The Slicing Method
The tommy™ silt fence machine is pulled through the soil with a tractor (30 H.P. utility or larger) or a skidloader with tracks (60 H.P. or larger). The process is called static-slicing because no other energy is applied to the soil disrupter, which literally slices through the soil, slightly pushing soil or debris to one side or the other.
The slicing method process uses a soil disrupter to thinly slice through the soil 8-12 inches (200-300m) deep. A vertical wheel then inserts silt fence into the slit. The soil disrupter utilizes a chisel type horizontal point to slightly disrupt soil upward, minimizing horizontal compaction, thus creating an optimum soil condition for future mechanical compaction.
The vertical wheel, positioned between two narrow parallel panels, is a moving pivot where the horizontal silt fence fabric is converted to a vertical position between the panels.
In this dynamic operation, silt fence fabric is simultaneously pulled off the roll by the vertical wheel, funneled into the apparatus, converted to a vertical position between the panels, and inserted into the soil being held open by the panels. As the machine progresses, soil collapses onto the silt fence fabric, thus securing silt fence in the desired position.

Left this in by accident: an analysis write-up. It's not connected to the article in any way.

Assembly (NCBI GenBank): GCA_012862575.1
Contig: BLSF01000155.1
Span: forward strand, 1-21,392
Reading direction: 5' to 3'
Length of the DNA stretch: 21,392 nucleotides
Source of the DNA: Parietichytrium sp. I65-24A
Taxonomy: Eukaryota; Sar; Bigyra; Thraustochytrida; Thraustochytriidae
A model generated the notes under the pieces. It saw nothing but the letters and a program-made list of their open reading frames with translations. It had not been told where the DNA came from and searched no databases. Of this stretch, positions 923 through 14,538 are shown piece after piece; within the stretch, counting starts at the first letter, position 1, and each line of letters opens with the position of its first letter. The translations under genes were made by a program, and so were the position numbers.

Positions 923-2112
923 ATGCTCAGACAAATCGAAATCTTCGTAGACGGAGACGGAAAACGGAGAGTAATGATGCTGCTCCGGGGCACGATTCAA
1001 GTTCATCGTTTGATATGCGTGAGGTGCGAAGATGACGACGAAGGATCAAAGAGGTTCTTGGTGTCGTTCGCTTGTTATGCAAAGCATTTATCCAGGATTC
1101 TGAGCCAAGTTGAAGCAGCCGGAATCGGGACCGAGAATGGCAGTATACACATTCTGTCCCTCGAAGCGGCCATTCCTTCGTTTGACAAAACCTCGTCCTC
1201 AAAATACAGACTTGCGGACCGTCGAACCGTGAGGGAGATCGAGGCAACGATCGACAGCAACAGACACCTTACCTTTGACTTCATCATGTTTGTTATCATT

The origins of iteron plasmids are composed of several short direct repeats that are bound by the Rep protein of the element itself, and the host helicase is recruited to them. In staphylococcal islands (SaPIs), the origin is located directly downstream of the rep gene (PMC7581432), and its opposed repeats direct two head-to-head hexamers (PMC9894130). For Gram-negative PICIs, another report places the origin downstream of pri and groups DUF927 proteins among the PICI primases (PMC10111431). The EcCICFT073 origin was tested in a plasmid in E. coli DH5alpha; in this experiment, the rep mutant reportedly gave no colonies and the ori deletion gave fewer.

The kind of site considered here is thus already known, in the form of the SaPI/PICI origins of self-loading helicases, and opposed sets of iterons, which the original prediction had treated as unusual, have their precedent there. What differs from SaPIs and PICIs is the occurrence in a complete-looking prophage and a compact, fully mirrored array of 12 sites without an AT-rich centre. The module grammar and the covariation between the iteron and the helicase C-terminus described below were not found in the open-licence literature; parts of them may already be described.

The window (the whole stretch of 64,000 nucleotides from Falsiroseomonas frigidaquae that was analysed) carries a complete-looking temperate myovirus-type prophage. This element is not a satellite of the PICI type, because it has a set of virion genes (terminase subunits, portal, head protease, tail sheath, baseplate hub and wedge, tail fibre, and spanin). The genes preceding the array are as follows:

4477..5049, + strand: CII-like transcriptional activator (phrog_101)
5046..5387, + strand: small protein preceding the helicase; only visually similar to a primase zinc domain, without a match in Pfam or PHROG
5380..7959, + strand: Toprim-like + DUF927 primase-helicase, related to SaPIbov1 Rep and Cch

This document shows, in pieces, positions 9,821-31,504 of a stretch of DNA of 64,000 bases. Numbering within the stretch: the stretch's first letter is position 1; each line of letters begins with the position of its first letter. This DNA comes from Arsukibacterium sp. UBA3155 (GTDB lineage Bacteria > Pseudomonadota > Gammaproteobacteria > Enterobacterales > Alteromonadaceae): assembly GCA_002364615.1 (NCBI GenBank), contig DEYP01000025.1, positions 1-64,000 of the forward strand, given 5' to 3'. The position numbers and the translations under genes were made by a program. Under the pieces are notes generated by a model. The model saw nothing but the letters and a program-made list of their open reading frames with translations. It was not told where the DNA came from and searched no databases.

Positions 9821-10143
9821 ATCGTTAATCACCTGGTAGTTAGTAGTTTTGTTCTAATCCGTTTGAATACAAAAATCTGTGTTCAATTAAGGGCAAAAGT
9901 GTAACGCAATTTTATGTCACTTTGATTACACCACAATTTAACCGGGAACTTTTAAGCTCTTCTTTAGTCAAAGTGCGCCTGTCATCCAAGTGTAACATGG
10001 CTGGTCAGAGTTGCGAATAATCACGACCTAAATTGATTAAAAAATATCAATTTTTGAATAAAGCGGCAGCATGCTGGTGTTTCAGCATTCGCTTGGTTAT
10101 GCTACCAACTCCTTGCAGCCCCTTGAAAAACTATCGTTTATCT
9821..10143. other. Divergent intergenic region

No matter in water-saturated soils, steep slopes, tight circles, windy conditions, or hard pan, the mechanical installation is consistent and dependable every time.
After installing the fabric, the power source wheel rolls the disrupted soil down against the fabric to create a compacted soil condition which strongly resizes washouts.
This technology slices through the soil, rather than excavating it. Excavation is extremely time consuming; the time is doubled again when you backfill in the dirt you excavated. If the excavated material is sod or cobble, the operation is even more time consuming, and may not enable proper compaction. Now required by ASTM, compacted soil resists water infiltration and moisture saturation, thus nearly eliminating washouts.